It's a common sight: people walking down the street, most of them with their heads down and their eyes focused exclusively on their smartphones. It’s the price we pay for living in a modern society: smartphones help us get from point A to B and remind us to do those things we often tend to forget. However, the MIT Media Lab wants us to look up more when walking and have designed a smart insole for shoes that not only guides you to your destination via tactile sensation, but also takes you off your usual path.
“SuperShoes" allow you to navigate a city without needing to check your smartphone’s maps. Using Bluetooth to wirelessly connect to your smartphone, these insoles use the sense of touch to tell you where you’re going. All you have to do is input your destination via an app and then put your smartphone away.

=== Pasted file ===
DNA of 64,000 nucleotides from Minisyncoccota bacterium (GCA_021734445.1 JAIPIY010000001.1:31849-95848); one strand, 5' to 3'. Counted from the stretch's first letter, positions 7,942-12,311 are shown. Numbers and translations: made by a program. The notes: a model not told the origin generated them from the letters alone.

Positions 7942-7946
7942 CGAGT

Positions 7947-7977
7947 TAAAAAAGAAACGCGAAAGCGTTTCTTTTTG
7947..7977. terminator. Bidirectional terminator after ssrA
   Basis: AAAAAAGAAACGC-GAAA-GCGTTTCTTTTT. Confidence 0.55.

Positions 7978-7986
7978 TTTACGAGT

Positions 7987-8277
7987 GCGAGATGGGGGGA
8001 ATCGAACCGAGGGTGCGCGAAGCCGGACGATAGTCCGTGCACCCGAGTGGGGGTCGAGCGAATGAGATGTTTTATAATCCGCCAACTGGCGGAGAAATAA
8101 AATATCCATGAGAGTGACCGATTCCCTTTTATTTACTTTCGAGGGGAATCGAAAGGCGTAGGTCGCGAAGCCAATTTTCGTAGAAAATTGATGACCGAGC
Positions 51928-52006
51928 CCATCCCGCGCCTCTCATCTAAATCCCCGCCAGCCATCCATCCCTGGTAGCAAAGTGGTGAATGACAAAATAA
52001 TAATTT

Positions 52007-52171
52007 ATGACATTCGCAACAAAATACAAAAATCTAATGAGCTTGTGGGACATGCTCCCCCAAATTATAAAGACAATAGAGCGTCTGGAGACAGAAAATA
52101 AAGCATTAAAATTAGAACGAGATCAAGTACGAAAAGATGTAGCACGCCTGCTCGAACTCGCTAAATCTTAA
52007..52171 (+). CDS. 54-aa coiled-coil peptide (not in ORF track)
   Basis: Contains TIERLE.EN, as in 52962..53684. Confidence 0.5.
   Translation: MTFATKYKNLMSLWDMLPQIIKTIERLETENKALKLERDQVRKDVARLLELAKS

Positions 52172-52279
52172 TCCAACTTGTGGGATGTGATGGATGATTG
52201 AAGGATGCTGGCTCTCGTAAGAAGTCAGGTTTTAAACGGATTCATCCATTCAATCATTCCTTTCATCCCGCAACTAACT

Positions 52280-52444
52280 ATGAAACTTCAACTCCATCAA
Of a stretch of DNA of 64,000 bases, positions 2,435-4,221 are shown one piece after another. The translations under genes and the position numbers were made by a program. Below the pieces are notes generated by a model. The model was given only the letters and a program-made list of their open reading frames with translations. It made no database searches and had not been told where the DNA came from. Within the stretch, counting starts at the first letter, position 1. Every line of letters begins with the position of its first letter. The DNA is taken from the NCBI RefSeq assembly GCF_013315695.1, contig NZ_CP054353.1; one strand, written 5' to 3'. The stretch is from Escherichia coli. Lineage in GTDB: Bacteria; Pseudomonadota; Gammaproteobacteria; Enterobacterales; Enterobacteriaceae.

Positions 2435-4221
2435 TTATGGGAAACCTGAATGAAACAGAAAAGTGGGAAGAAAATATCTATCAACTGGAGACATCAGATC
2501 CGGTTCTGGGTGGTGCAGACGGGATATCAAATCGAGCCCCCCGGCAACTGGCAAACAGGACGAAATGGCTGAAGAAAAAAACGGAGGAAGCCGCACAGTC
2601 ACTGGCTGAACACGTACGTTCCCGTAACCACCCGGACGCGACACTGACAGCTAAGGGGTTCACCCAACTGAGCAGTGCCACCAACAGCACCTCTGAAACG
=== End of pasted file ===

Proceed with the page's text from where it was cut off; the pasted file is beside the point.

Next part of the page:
Motors vibrate in the shoe insoles and respond to where you need to go next: if your next turn is left, your left foot receives a tickling sensation. If your next turn is right, your right foot tickles. The app even connects to your calendar and to-do lists and the shoes vibrate accordingly, for example, taking you to the nearest grocery store to pick up a carton of milk.
SuperShoes can even pinpoint items of interest as you walk through the city. Maybe the connected app knows that you like art based on other apps on your phone. The shoes can then direct you to the nearest museum. Perhaps you’re more into architecture. The shoes could then navigate you to an interesting building.
The idea is that using the shoes keeps you from relying on your smartphone to just get from point A to point B, adding more spontaneity into your journey, and allowing people to just get lost, wander and discover things about their cities and towns again.
If this technology is added to to that behind Google’s talking shoe, maybe you can also get your exercise in the process.